For those of you who have been following the news on immigration, but are still wondering what will be the effect of the administration’s executive actions on you individual legal status, here is a summary of some of the elements that are expected to be included:
1. Enforcement Priorities. A new memo is expected to name three enforcement priorities:
a. Suspected terrorists, convicted felons (including aggravated felonies), convicted gang members, and people apprehended on the border;
b. People convicted of serious or multiple misdemeanors, and very recent entrants (i.e., those who entered after 1/1/14);
c. Those who, after 1/1/14, failed to leave under a removal order or returned after removal.
2. Border Security. The Secretary of DHS will announce a South Border “command and control” campaign to coordinate and better use resources at the border.
3. State and Local. Secure Communities will be discontinued and replaced by a Priority Enforcement Program (PEP). Detainers will be discontinued for all except national security cases. Instead of detainers, there will be a request for notification when a law enforcement entity is about to release a convicted criminal.
4. Two deferred action initiatives are estimated to benefit 4.4 million:
a. Deferred Action for Parents (DAP). Parents of U.S. citizens and lawful permanent residents (of any age) who have been continuously present since 1/1/10, and who pass background checks and pay taxes, will be eligible to apply for deferred action, which will be granted for a 3-year period. Note that parents of DACA recipients are not eligible.
b. Expansion of DACA. DACA will be revised to get rid of the age cap, and to change the date that continuous presence must have started to 1/1/10. It also will be granted for 3 years (including those with pending renewal applications).
5. Pending Proceedings. There will be a review of cases currently under proceedings to evaluate who is prima facie eligible for the relief stated in this program, and those cases will be closed.
6. Foreign Entrepreneurs. Certain investors will be able to be paroled into the U.S., or be granted parole in place if already in the United States, for job creation (no further details at this time). This will be done by regulation. Also, entrepreneurs, researchers, inventors, and founders will be eligible for national interest waivers. This will be implemented through policy guidance.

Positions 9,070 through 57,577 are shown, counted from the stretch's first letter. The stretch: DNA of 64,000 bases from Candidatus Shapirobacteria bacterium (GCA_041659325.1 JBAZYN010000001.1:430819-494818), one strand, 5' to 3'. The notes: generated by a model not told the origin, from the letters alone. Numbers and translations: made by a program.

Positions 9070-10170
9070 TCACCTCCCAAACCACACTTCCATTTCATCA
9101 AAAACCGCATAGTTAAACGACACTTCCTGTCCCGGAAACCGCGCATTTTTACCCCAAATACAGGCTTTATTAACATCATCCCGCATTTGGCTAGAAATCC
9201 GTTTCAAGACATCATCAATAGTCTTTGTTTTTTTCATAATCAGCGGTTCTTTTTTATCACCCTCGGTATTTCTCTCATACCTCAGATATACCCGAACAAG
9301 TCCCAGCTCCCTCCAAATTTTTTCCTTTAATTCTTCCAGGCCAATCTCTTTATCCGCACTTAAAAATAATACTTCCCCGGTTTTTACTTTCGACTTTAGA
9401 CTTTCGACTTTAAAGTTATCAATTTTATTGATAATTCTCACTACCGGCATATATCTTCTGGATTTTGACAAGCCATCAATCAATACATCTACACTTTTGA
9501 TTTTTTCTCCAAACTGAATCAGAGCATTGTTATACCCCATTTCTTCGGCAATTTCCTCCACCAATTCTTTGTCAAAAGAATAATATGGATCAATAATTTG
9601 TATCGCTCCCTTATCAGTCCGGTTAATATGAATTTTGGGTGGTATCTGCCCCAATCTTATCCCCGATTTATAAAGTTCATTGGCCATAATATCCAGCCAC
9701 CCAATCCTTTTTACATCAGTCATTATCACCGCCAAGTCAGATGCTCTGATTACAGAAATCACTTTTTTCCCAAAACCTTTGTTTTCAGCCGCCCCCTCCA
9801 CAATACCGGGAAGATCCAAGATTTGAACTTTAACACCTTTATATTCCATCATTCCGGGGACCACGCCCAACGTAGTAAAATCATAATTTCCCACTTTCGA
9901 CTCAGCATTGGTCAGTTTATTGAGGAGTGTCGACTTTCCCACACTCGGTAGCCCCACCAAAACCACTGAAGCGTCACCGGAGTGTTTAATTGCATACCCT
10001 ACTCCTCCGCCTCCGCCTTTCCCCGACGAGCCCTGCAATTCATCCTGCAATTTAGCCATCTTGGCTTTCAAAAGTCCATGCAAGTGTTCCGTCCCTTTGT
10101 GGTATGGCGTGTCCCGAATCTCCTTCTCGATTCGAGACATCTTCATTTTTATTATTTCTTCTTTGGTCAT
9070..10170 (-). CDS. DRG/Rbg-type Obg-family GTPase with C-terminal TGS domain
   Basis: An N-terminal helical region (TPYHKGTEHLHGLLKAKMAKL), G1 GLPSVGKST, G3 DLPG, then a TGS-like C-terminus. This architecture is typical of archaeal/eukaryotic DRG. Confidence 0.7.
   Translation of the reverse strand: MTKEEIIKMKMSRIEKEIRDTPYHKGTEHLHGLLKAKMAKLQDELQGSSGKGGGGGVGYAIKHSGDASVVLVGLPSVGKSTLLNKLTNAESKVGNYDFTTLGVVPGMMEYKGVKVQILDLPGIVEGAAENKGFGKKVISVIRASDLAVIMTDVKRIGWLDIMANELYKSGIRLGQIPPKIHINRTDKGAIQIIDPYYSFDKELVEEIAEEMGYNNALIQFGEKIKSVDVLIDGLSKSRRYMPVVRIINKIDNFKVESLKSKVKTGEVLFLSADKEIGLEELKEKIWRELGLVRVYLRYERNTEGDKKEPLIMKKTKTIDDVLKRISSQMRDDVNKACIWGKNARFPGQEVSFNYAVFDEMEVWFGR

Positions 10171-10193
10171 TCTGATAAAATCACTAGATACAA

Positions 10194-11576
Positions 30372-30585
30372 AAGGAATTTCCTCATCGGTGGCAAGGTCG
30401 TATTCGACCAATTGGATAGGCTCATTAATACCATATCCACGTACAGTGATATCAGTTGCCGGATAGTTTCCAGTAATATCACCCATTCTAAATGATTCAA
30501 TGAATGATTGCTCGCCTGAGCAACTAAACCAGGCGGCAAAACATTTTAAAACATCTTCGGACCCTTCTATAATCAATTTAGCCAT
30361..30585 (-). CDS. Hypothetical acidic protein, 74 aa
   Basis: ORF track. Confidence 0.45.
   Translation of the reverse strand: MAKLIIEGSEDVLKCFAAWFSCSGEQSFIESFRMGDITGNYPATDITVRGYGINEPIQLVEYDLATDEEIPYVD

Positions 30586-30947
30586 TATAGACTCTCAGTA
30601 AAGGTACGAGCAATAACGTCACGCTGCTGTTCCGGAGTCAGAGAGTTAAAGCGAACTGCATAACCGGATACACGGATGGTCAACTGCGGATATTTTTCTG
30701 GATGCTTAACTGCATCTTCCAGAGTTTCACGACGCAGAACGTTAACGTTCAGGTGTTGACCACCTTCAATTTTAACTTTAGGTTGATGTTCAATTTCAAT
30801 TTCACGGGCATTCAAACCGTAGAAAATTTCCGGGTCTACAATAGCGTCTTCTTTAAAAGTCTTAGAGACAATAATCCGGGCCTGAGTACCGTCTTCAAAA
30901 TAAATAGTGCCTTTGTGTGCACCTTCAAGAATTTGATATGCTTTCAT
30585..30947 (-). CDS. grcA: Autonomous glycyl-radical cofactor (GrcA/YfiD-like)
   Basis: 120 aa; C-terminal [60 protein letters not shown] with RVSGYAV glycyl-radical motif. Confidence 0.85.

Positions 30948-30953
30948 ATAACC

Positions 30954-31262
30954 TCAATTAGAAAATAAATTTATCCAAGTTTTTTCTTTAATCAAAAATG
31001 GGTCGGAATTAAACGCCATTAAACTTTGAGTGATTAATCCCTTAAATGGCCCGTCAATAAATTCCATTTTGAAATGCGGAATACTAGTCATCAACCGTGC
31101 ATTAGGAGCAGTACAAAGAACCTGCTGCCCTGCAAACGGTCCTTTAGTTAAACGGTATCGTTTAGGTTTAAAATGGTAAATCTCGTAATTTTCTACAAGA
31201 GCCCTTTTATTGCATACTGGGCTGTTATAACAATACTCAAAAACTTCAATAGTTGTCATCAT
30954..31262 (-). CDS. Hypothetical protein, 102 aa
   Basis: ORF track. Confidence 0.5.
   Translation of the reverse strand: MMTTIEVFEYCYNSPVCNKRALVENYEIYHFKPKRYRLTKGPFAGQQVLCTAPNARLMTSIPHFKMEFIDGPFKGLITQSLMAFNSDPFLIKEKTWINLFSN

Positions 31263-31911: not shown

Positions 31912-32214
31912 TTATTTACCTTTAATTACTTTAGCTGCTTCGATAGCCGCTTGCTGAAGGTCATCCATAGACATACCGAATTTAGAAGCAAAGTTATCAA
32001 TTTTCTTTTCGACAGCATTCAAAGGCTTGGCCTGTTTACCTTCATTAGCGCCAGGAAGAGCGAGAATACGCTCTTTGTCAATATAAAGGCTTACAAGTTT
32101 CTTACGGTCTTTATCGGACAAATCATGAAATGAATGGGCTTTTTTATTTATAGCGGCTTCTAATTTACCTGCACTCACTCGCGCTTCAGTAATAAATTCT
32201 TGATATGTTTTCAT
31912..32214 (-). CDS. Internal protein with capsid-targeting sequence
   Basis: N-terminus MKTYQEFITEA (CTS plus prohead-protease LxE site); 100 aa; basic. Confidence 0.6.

7. Pre-registration for Adjustment of Status. Individuals with an approved employment-based immigrant petition who are caught in the quota backlogs will be able to pre-register for adjustment of status to obtain the benefits of a pending adjustment. This is expected to impact about 410,000 people. This will be done by regulation.
8. OPT. The length of time in OPT for STEM graduates will be expanded and the relationship between the student and the school will be strengthened for this period.
9. I-601a Waivers. The provisional waiver will be expanded to include spouses and children of LPRs. The definition of extreme hardship will be expanded and clarified.
10. Advance Parole. There will be a new advance parole memo that will address the issues raised in Matter of Arrabally-Yerrabelly and make clear that CBP should honor the advance paroles issued by USCIS.
11. Integration. A second Presidential Memorandum will set up a Task Force on New Americans.
Details regarding the upcoming changes are still being worked on at this time. Some changes will require regulations, but others will be done by memo. We will keep you informed as we learn more about the administration’s plans on immigration.
For further information regarding this topic or to schedule a consultation, please contact our office at 954-843-3494
What Changes are Expected Under the President’s Immigration Accountability Executive Actions #immigrationaction
About the Authors
Laura Schonberg and Andrea Timerman developed their passion for immigration law through their own experience immigrating to the United States. Laura received a Bachelor of Arts in Political Science and Juris Doctor Degree from Florida International University. Andrea received a Bachelors in Business Administration from Pace University, NY, and her Juris Doctor Degree from Florida International University. Both attorneys obtained ample experience in the immigration field before partnering to work as immigration attorneys at Schonberg & Timerman, P.L.